You can feel the anticipation in the air as the dogs line up and wait for a Flyball relay race to begin. A set of drag racing lights signal the start of the race and as the last light turns green the first dog on each team races down the lane over a set of jumps towards a springloaded box, triggering the box with their paw to release a ball which they catch at lightning speed.
Then, banking off the box like a swimmer banking off the wall in a pool, the dogs race back over the jumps and return to their handler for their reward — a game of tug or a treat. The dogs then go in succession relay-style, passing nose-to-nose at the start/finish line until all four dogs have successfully completed the course with the fastest team winning the race.
Like many dog sports, all dogs including mixed breeds (15 months and older) are eligible to compete in Flyball. The AKC recognizes three Flyball titles in partnership with the North American Flyball Association (NAFA):
- Flyball Dog Champion (FDCH)
- Flyball Master (FM)
When you watch Flyball for the first time, it can be fun but confusing. The action happens so fast that it can be hard to keep track of who wins and why. We’re here to break down the sport of Flyball.
What Dogs Can Play Flyball?
All dogs 15 months of age or older are allowed to compete in the sport of flyball. The sport is open to all breeds from Yorkshire Terriers to Great Danes to mixed breeds. Any dog can compete in the sport as long as they can behave around other dogs in a high drive, fast-paced environment (ie. the dog must listen to commands from a handler, have a strong recall, and have no aggression issues.)
What Makes a Flyball Team?
Flyball is a unique dog sport in that it is made up of a team of dogs and handlers. There are four dogs and handlers that complete in each heat of a race. Up to two additional dogs can be named to a team to serve as back-ups. The six dogs can even rotate in and out of heats during the course of a tournament – this is the decision of the team captain. In addition to the dogs and handlers, there is one person loading balls into the box — the Boxloader. Teams may have additional people available to help collect loose balls and to help call the passes at the start/finish line.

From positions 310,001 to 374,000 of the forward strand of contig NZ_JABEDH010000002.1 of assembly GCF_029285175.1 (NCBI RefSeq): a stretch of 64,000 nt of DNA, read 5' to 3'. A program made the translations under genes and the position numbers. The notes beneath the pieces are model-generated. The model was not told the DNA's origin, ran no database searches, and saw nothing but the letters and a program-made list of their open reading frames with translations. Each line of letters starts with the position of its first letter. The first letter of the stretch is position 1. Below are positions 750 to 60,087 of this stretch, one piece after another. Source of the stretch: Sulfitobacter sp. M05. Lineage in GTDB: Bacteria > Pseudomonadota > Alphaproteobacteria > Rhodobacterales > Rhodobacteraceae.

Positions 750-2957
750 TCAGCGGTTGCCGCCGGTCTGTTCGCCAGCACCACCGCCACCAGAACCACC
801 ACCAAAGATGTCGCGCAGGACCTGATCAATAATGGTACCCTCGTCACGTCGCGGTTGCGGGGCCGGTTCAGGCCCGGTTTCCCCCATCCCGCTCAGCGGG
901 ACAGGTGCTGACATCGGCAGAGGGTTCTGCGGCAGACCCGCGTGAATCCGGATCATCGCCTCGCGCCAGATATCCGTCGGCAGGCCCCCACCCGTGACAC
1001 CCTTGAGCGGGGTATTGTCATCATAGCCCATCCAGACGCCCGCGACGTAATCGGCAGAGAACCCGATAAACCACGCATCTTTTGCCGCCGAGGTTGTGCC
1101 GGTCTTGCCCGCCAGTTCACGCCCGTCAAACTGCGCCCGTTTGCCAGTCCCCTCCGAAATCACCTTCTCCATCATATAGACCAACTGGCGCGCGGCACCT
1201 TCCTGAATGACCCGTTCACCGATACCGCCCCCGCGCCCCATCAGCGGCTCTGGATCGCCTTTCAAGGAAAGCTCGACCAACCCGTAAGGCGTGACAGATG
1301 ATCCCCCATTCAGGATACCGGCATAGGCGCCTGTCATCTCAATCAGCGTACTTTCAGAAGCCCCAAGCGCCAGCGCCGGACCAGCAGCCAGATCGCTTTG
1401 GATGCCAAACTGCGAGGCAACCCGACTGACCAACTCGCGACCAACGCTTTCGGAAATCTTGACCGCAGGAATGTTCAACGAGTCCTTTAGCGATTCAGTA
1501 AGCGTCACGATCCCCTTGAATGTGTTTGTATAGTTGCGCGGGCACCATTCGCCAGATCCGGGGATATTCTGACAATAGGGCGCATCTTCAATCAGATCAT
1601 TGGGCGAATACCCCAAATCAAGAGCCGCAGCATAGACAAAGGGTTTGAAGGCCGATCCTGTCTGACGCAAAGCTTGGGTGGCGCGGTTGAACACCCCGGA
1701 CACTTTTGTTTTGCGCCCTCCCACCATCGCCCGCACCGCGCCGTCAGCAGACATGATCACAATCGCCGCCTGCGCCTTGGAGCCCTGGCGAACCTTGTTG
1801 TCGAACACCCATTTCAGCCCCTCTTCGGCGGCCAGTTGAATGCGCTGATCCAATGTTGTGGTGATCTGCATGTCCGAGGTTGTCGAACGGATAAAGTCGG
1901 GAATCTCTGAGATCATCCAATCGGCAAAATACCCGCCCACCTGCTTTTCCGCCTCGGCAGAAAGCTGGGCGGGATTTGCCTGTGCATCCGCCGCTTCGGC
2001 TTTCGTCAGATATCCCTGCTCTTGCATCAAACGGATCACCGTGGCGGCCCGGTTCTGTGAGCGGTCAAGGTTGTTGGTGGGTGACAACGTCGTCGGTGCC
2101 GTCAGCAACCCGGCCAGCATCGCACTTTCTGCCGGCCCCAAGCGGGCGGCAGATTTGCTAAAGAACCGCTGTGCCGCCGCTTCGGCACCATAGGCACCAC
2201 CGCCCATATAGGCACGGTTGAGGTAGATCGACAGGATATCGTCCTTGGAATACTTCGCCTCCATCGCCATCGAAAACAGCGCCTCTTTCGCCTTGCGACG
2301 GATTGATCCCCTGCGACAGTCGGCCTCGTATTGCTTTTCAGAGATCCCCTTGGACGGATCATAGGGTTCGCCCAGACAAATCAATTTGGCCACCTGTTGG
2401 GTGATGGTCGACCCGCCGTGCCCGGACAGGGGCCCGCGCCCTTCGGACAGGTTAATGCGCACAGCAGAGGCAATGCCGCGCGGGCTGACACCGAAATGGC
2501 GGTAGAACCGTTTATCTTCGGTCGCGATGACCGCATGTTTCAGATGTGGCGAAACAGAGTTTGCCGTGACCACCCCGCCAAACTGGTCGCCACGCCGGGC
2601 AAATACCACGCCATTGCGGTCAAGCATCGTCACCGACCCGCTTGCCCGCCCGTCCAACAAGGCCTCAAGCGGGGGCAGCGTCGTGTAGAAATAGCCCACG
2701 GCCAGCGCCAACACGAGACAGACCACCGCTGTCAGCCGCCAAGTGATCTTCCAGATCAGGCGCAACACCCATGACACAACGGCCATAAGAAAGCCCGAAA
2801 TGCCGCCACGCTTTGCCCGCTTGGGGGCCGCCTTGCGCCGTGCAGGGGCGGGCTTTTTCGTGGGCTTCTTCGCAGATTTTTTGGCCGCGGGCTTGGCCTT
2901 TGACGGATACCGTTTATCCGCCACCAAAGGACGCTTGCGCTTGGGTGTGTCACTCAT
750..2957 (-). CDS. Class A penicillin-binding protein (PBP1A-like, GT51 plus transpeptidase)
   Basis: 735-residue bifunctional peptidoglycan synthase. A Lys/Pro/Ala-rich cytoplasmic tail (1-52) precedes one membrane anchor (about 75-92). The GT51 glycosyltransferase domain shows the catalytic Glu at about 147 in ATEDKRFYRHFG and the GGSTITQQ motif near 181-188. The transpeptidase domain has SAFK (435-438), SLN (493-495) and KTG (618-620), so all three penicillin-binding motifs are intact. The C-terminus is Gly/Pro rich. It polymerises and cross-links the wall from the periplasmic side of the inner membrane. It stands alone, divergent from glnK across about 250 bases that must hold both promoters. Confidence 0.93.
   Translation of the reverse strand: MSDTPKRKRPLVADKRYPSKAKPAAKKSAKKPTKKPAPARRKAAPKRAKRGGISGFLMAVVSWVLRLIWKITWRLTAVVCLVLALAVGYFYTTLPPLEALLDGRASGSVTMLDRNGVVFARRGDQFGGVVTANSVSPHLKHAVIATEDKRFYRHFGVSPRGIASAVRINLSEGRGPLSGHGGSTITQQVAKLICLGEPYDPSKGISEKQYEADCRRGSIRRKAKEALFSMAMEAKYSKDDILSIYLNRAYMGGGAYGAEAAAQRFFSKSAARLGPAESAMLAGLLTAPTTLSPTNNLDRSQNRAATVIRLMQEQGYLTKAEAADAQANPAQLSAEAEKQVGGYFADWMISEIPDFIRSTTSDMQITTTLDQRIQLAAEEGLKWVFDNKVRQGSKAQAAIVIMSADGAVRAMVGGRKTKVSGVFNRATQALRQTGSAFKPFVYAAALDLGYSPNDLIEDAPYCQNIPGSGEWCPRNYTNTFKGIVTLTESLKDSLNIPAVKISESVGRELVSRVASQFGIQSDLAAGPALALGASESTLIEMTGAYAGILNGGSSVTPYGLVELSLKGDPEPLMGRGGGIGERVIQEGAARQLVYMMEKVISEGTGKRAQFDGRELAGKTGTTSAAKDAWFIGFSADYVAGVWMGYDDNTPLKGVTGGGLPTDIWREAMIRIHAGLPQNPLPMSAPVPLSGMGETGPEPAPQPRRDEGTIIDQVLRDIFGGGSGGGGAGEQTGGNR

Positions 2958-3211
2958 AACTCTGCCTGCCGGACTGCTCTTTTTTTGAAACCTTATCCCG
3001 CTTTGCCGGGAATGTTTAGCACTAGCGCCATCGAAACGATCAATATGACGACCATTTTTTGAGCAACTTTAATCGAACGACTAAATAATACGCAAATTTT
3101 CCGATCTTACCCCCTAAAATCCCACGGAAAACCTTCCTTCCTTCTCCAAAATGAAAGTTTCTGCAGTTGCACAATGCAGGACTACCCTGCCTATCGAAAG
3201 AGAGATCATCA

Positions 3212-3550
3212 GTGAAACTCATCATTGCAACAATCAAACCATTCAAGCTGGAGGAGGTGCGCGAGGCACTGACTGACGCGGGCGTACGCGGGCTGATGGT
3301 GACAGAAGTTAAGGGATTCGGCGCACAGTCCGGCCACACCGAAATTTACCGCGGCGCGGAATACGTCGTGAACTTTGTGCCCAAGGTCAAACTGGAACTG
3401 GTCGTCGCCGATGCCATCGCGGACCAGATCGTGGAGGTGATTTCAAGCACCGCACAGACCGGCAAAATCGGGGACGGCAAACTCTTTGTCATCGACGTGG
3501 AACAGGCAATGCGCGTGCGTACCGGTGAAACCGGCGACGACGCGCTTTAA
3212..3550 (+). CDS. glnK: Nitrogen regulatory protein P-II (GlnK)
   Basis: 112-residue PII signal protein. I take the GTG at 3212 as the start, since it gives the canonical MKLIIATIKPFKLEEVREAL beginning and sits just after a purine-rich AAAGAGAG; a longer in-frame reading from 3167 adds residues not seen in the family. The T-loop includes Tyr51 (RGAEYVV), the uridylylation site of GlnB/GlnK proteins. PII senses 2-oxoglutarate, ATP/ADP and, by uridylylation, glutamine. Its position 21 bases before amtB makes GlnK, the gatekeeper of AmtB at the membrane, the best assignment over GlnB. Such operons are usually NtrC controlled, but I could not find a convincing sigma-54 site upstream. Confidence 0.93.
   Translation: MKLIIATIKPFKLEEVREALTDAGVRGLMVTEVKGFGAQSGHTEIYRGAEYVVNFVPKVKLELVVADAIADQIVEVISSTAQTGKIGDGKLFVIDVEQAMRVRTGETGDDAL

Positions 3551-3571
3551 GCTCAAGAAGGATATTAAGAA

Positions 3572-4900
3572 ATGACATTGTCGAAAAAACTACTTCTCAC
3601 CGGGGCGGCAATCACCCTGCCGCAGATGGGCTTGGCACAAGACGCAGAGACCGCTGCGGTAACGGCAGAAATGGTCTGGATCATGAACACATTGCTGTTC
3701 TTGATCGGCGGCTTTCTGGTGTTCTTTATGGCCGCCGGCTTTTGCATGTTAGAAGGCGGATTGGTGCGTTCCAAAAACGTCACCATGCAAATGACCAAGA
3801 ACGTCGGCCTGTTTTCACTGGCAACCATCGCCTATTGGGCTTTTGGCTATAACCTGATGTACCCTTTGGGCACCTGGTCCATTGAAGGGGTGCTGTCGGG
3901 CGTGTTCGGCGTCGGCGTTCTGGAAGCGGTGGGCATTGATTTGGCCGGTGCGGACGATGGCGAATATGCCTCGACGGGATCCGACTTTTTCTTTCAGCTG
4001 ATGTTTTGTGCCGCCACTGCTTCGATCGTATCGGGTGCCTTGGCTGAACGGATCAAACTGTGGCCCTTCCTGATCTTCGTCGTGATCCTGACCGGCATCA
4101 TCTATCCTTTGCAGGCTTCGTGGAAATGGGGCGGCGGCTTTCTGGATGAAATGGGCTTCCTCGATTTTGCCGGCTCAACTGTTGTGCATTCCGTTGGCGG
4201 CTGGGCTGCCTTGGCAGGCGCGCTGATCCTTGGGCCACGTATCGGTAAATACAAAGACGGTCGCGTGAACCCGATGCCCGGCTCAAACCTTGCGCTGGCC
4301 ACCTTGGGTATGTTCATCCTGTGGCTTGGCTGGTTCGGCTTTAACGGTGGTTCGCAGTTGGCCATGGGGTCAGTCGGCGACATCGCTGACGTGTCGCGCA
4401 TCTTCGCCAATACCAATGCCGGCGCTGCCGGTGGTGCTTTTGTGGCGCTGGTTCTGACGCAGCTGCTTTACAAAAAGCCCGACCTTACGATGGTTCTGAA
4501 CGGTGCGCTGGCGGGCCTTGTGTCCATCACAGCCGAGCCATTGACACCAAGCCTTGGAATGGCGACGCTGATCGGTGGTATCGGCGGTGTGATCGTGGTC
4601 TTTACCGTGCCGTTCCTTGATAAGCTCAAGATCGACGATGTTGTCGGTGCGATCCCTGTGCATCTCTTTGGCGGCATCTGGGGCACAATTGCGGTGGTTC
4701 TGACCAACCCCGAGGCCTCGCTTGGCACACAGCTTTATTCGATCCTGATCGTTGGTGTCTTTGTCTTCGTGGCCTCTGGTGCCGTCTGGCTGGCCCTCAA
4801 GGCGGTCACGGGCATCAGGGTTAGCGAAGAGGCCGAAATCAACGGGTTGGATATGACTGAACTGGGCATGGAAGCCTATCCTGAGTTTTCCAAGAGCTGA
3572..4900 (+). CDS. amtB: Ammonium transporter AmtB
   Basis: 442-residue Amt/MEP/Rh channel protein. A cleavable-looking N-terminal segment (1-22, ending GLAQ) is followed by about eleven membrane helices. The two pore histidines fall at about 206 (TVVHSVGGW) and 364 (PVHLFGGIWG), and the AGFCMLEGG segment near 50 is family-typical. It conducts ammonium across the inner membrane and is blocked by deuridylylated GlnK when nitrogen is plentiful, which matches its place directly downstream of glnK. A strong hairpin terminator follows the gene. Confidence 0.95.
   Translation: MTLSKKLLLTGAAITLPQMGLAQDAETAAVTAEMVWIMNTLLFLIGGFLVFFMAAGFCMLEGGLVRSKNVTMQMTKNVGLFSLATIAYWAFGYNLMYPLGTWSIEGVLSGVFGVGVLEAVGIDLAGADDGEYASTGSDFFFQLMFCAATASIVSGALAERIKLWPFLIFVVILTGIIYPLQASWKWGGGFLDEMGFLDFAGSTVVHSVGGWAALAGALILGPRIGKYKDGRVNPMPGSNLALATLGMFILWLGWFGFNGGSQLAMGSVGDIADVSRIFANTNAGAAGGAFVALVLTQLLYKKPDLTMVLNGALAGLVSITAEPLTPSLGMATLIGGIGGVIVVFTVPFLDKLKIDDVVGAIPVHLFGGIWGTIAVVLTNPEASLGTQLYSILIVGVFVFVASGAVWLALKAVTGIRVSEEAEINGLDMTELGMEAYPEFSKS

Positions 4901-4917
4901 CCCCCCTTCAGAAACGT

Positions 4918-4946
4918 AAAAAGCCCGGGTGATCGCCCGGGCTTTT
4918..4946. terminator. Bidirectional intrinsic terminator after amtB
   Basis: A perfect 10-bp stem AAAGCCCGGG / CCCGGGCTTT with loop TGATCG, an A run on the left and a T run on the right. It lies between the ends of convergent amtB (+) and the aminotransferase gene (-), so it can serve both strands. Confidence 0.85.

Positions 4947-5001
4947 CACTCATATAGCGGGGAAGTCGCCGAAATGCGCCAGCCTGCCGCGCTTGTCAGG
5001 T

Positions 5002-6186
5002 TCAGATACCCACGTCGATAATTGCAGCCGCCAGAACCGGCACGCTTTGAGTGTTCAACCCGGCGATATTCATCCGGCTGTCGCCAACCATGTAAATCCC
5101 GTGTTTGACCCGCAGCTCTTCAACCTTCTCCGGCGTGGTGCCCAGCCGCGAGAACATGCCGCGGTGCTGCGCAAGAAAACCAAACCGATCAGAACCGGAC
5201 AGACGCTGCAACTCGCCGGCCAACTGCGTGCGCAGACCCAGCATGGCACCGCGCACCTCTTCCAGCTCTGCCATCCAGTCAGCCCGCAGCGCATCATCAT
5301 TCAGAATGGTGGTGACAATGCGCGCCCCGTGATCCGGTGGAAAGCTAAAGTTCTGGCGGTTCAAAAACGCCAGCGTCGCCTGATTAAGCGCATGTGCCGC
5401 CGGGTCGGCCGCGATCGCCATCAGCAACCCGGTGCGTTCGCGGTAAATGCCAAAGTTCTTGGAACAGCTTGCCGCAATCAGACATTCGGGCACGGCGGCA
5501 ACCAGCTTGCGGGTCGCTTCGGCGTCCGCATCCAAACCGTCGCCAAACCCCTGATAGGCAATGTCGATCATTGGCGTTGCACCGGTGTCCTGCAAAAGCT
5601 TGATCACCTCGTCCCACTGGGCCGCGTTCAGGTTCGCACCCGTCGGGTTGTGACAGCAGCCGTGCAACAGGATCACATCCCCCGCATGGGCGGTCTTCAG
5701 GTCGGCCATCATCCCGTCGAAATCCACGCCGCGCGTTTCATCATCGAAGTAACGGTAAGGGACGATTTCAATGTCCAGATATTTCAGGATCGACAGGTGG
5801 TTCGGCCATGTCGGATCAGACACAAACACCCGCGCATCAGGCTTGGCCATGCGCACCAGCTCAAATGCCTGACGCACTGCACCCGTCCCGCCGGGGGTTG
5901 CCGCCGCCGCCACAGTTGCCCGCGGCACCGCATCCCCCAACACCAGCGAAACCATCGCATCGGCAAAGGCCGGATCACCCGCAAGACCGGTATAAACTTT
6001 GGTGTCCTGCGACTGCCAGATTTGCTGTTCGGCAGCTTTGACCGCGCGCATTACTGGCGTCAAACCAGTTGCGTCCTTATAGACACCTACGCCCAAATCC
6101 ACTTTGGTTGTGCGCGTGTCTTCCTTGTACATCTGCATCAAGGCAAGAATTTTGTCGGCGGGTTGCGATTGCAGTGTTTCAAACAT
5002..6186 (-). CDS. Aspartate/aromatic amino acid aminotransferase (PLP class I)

How Tall Are Jumps in Flyball?
The jump height of each team is determined by measuring the height of the team’s smallest dog at the withers and subtracting 5 inches. This dog is referred to as the Height Dog. Each teams height dogs are measured at the beginning of the tournament by the Head Judge. They can attempt to be measured up to 3 times, with the lowest measurement being the dog’s official height for that tournament. A dog deemed to be not measurable by the Head Judge will jump 14” hurdles.
How is a Flyball Course Set Up?
Each team is required to supply their own Flyball box and have a supply of round balls subject to the size, safety, and comfort of the dogs. Approved balls may be any color, must bounce when dropped onto a hard surface, and must roll. They cannot contain any noisemakers. The host club will provide two sets of regulation flyball jumps/hurdles for the duration of the tournament. An official set of racing lights and a timing system is supplied by the North American Flyball Association to the host club for use during the tournament.
How is Flyball Played?
Flyball tournaments are divided into divisions, so the teams competing against one another are of similar speeds. Titles are earned based on a point system; points are based on the time it takes a team to complete each heat.
Every time a team completes the entire course in less than 24 seconds, each dog receives 25 points toward earning a title. An under-28-second run earns five points and an under-32-second run earns one point.
How Do You Win Flyball?
The current NAFA Regular record is 14.433 seconds and is held by team Border Patrol. The record was set on June 5, 2016, in Rockton, ON.
How Do I Get Started in Flyball?
If watching Flyball has you thinking your dog would be perfect for the sport, chances are you’re probably right! This sport is great for smart, energetic dogs. Flyball got its start in the late 1960s and early 1970s in Southern California and has expanded into other countries, as well. Today the North American Flyball Association has teams in all 50 U.S. states and throughout Canada.
There best way to get started in Flyball is to find a club in your area that offers classes and you can train with. Remember, Flyball is a team sport so it is important to find a team that works for you and your dog. There are several clubs that host seminars and that offer on-line classes as well. Look for Flyball clubs in your state and read the NAFA Rulebook.
If Flyball isn’t for you, there are many dog sports that are suitable for dogs of all ages and abilities.